By Leon Williams
Republicans often refer to Ronald Reagan as the standard-bearer in modern-day American politics. This characterization is troubling considering Reagan was never accepted as a guardian of African American causes. He demonstrated a proclivity to use race as a wedge issue by launching his initial bid for the presidency with a rally before an all-white throng in Neshoba County Mississippi; just a few miles from the site where three civil rights workers were brutally murdered by a white mob which included members of local law enforcement.
In truth, Reagan was the chauffeur of The Republican Party’s journey to its current state of turmoil. His success at being a specialist in dog-whistle politics created the underground universe that has allowed racism to surreptitiously propel the party for decades. Despite countless warning signs, the Republican Party continued its downward spiral; disregarding shifting American demographics. Their failure to reign in the Tea Party set into motion the autoimmune disorder currently known as Donald Trump. The Republican establishment is in upheaval as to the best route forward. Their unwillingness to acknowledge their own complicity in the rise of Trump is the linchpin. It does not appear, however, any such recognition, at least publicly, is imminent.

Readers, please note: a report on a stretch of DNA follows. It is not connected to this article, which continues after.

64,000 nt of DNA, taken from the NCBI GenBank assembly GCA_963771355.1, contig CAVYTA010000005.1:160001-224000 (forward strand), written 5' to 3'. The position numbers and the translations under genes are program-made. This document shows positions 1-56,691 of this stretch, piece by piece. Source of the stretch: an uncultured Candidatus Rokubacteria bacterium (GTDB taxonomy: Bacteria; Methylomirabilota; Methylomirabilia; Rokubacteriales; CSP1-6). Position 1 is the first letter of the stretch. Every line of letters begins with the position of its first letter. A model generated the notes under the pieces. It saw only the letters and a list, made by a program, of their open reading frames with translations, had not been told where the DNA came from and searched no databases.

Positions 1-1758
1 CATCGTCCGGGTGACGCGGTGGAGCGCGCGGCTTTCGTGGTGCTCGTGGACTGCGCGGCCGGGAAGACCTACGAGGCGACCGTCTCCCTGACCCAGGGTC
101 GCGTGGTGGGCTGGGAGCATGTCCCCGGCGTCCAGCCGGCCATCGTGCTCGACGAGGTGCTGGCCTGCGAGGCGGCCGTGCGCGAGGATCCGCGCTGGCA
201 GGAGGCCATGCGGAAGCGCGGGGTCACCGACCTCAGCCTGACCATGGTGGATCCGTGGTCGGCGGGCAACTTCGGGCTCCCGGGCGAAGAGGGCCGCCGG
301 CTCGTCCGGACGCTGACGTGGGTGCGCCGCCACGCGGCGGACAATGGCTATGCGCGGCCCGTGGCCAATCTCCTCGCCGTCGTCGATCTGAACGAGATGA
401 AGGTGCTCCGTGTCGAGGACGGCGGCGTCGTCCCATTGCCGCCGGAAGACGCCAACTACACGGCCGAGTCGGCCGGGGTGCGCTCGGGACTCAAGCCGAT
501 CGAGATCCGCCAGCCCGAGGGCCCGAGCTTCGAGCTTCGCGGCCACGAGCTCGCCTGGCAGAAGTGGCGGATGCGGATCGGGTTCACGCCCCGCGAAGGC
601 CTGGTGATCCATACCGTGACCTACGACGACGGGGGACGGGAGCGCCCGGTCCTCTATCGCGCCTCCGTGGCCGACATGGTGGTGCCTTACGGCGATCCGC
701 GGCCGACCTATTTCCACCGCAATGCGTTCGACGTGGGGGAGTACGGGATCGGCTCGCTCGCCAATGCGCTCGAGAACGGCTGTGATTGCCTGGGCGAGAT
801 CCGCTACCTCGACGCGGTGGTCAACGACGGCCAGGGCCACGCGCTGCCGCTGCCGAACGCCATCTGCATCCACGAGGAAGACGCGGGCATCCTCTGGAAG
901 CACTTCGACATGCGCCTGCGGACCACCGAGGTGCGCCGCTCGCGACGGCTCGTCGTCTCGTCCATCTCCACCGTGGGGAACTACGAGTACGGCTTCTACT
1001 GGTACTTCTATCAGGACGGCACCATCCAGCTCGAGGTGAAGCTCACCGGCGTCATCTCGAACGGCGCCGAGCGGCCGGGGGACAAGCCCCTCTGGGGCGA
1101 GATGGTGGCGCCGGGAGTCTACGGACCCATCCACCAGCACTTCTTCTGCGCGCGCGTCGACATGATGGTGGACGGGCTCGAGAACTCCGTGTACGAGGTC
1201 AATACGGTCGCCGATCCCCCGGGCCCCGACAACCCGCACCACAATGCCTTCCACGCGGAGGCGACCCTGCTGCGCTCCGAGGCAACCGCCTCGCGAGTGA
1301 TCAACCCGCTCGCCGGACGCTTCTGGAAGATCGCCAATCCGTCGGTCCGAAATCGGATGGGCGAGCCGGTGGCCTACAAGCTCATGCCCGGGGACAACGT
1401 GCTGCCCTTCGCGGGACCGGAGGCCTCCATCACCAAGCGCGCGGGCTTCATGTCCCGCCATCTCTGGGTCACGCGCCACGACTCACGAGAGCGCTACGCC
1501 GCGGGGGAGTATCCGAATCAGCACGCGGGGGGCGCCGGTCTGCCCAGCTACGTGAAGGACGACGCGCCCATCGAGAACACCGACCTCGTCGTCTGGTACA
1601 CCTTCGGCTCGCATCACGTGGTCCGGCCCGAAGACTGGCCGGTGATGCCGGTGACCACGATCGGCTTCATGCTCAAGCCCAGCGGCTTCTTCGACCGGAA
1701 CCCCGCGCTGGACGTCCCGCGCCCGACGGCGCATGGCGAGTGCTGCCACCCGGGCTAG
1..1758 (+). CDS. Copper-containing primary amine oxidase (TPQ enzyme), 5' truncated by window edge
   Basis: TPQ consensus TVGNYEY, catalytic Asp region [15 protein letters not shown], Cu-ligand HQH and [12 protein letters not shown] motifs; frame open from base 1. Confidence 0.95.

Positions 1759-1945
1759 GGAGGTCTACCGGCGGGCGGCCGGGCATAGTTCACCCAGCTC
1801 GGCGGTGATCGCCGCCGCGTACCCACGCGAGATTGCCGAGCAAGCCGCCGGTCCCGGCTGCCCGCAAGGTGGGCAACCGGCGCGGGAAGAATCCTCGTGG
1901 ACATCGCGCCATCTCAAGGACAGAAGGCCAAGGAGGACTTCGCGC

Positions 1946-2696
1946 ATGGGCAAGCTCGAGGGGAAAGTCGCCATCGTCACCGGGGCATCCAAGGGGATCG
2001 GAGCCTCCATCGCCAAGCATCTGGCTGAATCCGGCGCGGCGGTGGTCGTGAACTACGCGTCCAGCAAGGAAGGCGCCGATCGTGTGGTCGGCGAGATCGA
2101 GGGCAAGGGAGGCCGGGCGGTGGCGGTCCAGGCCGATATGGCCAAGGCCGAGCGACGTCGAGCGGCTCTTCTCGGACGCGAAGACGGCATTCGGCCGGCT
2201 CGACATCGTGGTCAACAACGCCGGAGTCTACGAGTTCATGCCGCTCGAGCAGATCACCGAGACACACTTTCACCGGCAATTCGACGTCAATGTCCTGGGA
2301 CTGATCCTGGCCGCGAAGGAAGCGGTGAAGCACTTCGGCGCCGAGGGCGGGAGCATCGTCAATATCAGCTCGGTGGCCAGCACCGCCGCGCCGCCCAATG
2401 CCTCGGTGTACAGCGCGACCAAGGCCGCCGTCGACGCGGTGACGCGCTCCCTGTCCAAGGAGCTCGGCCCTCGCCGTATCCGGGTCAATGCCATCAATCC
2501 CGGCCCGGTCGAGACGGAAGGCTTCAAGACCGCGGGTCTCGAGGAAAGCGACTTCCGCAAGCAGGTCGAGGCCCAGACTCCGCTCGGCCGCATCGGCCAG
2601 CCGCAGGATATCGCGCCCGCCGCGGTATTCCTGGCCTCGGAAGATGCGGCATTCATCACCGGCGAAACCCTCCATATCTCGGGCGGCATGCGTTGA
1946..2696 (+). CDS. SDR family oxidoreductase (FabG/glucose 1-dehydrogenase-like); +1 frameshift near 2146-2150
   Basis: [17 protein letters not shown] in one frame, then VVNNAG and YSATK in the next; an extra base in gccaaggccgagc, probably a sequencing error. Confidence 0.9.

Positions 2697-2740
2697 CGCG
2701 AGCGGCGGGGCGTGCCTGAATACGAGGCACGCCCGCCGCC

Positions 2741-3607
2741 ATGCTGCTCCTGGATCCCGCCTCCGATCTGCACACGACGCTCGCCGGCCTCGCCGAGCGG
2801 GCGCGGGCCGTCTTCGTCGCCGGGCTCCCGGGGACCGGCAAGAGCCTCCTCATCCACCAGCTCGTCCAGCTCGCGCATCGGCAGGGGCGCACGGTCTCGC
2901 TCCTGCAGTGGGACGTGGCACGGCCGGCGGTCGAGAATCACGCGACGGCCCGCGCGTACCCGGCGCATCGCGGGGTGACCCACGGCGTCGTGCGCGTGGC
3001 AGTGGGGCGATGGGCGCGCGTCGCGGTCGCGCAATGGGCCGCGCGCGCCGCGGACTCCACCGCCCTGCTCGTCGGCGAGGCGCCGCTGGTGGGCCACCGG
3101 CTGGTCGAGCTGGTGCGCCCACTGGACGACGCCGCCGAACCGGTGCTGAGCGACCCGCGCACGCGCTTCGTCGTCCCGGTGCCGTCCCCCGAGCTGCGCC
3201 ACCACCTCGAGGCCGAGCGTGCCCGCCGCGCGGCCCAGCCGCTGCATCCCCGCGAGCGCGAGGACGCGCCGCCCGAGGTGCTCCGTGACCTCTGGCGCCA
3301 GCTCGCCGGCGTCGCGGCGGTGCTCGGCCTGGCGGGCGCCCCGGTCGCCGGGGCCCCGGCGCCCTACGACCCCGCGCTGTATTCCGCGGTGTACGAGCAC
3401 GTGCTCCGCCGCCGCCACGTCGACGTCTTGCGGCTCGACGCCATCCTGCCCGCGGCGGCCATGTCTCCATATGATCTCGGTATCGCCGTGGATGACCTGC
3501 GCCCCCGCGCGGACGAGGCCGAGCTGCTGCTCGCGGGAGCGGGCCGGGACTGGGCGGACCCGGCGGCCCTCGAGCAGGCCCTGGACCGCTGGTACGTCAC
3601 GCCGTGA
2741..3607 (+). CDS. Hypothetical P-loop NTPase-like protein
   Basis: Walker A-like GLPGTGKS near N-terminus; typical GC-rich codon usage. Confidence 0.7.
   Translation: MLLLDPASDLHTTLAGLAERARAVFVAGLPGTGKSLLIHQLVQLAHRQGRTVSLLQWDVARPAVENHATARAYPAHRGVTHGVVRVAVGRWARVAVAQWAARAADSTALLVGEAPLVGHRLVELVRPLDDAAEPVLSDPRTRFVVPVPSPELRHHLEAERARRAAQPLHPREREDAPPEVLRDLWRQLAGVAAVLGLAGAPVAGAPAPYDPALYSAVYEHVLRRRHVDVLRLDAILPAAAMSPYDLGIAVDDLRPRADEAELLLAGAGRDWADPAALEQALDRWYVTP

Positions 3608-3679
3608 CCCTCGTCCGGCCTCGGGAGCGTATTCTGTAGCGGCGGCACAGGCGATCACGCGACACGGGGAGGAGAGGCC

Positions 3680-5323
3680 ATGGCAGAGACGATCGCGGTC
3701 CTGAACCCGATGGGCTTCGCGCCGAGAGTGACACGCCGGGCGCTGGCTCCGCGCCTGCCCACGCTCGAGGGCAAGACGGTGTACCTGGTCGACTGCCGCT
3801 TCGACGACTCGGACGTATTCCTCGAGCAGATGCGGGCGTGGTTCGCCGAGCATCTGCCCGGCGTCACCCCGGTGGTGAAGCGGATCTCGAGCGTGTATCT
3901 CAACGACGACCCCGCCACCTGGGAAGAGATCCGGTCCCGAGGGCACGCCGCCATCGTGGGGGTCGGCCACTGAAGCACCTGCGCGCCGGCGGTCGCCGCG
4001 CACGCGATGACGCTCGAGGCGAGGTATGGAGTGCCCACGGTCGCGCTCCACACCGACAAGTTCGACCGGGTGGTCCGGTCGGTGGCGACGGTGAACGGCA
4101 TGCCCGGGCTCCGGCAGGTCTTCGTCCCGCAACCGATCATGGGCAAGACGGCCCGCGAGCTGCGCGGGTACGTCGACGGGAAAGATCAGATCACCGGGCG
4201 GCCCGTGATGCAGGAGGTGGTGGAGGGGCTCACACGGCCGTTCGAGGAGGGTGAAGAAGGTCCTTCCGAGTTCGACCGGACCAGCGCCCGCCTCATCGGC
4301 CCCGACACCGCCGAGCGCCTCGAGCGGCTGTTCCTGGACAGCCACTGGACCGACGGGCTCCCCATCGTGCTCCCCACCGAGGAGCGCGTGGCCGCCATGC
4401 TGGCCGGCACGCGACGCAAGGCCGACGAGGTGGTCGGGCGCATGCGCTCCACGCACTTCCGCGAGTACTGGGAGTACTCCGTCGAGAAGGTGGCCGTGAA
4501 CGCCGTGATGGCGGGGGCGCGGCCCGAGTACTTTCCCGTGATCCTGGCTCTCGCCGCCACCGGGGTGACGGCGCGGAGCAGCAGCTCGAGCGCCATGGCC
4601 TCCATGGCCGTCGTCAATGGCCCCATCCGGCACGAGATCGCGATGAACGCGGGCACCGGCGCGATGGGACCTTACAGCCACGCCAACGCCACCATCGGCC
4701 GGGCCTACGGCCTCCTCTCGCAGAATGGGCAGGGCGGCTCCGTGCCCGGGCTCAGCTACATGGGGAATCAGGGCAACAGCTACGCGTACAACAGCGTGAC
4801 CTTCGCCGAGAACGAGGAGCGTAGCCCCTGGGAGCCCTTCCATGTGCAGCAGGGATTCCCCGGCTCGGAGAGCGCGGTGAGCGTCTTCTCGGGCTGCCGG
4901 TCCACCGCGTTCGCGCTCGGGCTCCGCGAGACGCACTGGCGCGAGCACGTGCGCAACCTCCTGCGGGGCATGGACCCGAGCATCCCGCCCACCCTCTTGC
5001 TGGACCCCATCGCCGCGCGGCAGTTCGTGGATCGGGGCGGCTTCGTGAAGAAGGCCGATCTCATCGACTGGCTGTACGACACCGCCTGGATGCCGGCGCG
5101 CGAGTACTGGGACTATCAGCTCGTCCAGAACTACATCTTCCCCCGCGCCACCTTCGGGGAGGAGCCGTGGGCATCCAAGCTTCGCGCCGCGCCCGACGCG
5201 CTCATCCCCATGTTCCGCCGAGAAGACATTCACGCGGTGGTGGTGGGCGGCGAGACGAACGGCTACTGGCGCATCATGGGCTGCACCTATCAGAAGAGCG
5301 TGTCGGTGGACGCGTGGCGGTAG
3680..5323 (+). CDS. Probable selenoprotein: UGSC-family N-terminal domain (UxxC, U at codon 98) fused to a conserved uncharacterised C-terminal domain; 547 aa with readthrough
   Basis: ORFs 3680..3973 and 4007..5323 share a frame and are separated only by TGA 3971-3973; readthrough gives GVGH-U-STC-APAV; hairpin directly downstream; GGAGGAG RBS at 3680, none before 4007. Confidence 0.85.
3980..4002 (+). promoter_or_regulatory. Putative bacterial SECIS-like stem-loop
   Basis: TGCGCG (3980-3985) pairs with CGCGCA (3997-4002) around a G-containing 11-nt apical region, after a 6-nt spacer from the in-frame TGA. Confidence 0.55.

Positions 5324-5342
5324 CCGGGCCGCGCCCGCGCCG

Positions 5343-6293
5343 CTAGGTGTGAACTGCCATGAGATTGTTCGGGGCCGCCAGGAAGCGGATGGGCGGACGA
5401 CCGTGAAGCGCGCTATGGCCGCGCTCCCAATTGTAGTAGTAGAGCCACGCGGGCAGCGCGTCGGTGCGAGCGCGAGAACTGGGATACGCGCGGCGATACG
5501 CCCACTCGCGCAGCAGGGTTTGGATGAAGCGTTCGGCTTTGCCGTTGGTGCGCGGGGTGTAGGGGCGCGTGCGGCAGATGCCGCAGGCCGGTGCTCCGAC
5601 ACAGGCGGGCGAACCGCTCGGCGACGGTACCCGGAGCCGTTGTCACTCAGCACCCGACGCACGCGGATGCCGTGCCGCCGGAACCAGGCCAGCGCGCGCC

In 1818 author Mary Shelley wrote the novel Frankenstein, the story of a monster created in a lab using recycled human body parts taken from corpses. Ironically, much like the Republican Party’s failure to acknowledge Trump as their creation, Shelley originally wrote the novel under a pseudonym. The essence of the story deals with the super-human Frankenstein monster breaking loose in a laboratory which was housed in a castle. Once the monster was free, it immediately turned on its creators. Trump, created from recycled ideological parts of Barry Goldwater, Richard Nixon and Ronald Regan, demonstrates his extraordinary political potency by his public disparagement of Americans by race, class and gender; with no apparent negative repercussions.
During the 2016 presidential campaign, Democrats recognized Trump as a destructive force to the substructure of American Democracy. However, they made the incorrect calculation that Trump would self-destruct; bringing the Republican Party down along with him. While Democrats watched as Trump terrorized the sixteen other Republican candidates and the Republican establishment, their hope was he would never get out of the laboratory, so to speak. They failed also to foresee, that just as in the Frankenstein novel, once out of the castle-enclosed laboratory, the monster did not have the ability of political discernment and would be coming after us all.
Shelley’s novel ends with the monster realizing it has no future. It voluntarily floats away on an iceberg and is never seen again. The creator of the monster meets his death running away from the creature. Hopefully, Americans will use every political and legal apparatus at their disposal to ensure the solvency of the Democratic process. It’s unlikely that Trump will voluntarily board that iceberg.